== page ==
Chapter 8 The Ways of Knowing

Chapter 8 The Ways of
Introduction to Ways of Knowing
• Ways of knowing different than the Areas of
• Areas of knowledge are relatively distinct units
• The ways of knowing are much more
interconnected with one
It is virtually impossible to separate the four
ways when we say we know something
They do not work independently of one another
How would we “know” about the
situation in the picture?
• A. Perception
• B. Reasoning
• C. Language
• D. Emotion
E. All of the above
Which way of knowing creates your
knowledge of this situation?
Imperative to remember
• All of the ways of knowing are
inseparably intertwined with one
another and they work together to
create every person’s understanding
of and knowledge about reality
Ways of knowing are also
important factors in each of the
areas of knowledge
• Rudbeck’s emotion
affected his perception.
His perception affected
his reason
His reason affected his
All of these affected the
knowledge claims he
made in history
This must be the ski track to
the lost city of Atlantis
This ways of knowing chapter will
• How the Ways of Knowing affect one
• How they are important for knowledge
claims in the Areas of Knowledge
• How the ways of knowing affect the
knowledge we claim to have
Lesson 1 Reason and Ways of
Reason is often discussed in essays
• Many times topic questions will ask for a
discussion of reason and how it works in
combination with other ways of knowing or
other areas of knowledge
Even when the prescribed topic question does
not ask specifically for a discussion of reason,
the subject of reason and reasoning often
applies anyway, and should be discussed
Positive aspects of reason
• Objectivity
• Rationality
• Deductive and
• Pragmatic
• Clarifies
Why do we know we should not get out of the car
to shoo this pesky wild baboon away?
Negative Aspects of Reason
• Deduction can be
Subjective nature of
Reasoning can prove
Reason has limited
Reasoning can prove unreality.
Remember the logical nonsense about the zombies?
How reason affects the other ways
of knowing
You might not want them in your bed at night,
but is there really any reason to fear spiders?
How reason effects emotion
• It “controls”
Puts emotion into a
realistic perspective
Helps differentiate
between knowledge
and belief
American propaganda poster from WWII
Reason and Language
• Language is a tool of reason
• At the same time reason is bound by
• Language is an imperfect medium for
relaying everything we can experience and
Reason and perception
• Reason makes
sense of what is
• Reason can
change our
perception of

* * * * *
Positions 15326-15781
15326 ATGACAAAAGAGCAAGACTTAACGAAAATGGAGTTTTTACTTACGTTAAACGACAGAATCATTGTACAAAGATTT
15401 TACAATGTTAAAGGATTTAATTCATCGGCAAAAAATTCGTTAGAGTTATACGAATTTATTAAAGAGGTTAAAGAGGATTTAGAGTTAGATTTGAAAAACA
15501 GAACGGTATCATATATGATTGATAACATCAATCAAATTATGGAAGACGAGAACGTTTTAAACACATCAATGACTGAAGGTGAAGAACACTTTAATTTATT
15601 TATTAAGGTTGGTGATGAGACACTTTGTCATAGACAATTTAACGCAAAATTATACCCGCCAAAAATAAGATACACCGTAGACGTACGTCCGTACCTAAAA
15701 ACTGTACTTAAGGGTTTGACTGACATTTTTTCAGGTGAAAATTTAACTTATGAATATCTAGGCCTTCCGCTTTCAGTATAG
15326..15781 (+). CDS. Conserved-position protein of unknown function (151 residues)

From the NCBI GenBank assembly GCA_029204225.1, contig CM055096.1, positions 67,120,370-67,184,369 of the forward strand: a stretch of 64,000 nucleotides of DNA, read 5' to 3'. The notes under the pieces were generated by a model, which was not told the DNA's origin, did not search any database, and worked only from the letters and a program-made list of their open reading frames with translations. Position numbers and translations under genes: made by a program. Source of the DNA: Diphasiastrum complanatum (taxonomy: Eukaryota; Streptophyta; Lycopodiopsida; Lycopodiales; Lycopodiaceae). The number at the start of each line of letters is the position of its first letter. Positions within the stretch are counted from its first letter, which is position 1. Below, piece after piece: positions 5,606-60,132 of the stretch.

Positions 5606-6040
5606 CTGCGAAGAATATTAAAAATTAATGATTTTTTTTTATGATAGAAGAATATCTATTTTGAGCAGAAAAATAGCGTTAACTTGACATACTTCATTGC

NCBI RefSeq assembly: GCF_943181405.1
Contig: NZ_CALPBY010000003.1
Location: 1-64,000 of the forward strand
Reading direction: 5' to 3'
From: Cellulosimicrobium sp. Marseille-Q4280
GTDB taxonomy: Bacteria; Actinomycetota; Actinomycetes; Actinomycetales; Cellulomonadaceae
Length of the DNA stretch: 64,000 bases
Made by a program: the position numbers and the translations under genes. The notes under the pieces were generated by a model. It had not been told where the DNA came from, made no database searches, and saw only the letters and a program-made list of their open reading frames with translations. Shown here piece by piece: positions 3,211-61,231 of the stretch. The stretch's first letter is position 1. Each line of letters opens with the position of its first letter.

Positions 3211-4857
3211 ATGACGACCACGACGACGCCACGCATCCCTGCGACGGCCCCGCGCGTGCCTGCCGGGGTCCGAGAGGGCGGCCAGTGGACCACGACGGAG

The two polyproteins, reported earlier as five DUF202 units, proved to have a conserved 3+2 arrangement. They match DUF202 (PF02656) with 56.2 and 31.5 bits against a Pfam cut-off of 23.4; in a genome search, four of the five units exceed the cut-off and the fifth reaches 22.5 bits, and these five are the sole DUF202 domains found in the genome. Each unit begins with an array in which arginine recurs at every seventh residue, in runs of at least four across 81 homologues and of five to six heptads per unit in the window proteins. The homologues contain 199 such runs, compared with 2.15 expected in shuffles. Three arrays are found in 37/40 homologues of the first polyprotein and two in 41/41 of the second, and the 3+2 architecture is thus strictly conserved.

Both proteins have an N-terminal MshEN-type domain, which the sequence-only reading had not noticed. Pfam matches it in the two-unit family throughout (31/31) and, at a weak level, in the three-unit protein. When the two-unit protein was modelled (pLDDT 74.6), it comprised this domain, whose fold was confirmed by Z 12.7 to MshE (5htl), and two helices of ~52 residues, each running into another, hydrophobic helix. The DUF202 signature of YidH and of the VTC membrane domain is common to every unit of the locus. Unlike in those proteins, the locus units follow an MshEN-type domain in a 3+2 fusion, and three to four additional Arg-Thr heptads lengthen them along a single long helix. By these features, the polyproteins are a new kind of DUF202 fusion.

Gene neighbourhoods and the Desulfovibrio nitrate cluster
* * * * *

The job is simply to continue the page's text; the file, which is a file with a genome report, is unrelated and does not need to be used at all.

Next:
What do we know about a scream
coming from someone on this ride?
Concluding thoughts
“Since it is reason which shapes and regulates all other things,
it ought not itself to be left in disorder”
—Discourses Chap. Xvii—Epictetus
• Reason does not work independently of the other ways
of knowing
It is dependent upon them and they are dependent upon
reason when we acquire knowledge
Reason has both its strengths and its weaknesses when
considering the type of knowledge that can be gained
from it
Reason presents us with both paradoxes and with
Lesson 2 Reason and Areas of
Reason and ethics
• Reason about right
and wrong
Reason about moral
relativity and
respecting other
Socratic Method to
decide if something is
a correct ethical
Will reason tip the ethical scale?
Reason and history
• Helps make deductive
conclusions about
events when pieces of
the “puzzle” are
Helps uncover hidden
Helps evaluate
Reason and science
• Reasoning is the
foundation for
scientific method
• Reason behind
idea of
Reason and math
• It is based on
• Reason within a
set of agreed
upon axioms
Reason and human science
• Reason in the human scientific
• Reason aids in understanding one’s
own subjective interpretations and
• Reason can help us be aware of
illegitimate statistical claims
Reason and art
• Reason is used to
interpret meaning
• Reason in creating
El Greco. St. Martin and the Beggar. 1597-1599.
Oil on canvas. National Gallery of Art, Washington,
Lesson 3 Emotion and Ways of
Emotion as a Way of Knowing
• Emotion is often contrasted with reason as if
they were two separate entities
Reason is viewed by many as a way to true
knowledge, such as mathematical or scientific
Emotion is often viewed simply as a troublesome
factor of our lives which has a tendency to cloud
and skew real knowledge
• It is impossible to separate the thought
process we call reasoning from the part
of our personalities we call emotion
• Furthermore it is important to keep in
mind the strength of foundational
• Emotional knowledge is foundational
• Holds to the realm of the subjective
• Creates sound foundational knowledge, but has
shortcomings when used as a basis for objective
Has its strengths and weaknesses as a way of
knowing something
Should not be disregarded as useless for the
creation of knowledge, but at the same time it
should not be used as a basis for all knowledge
Positive aspects of emotion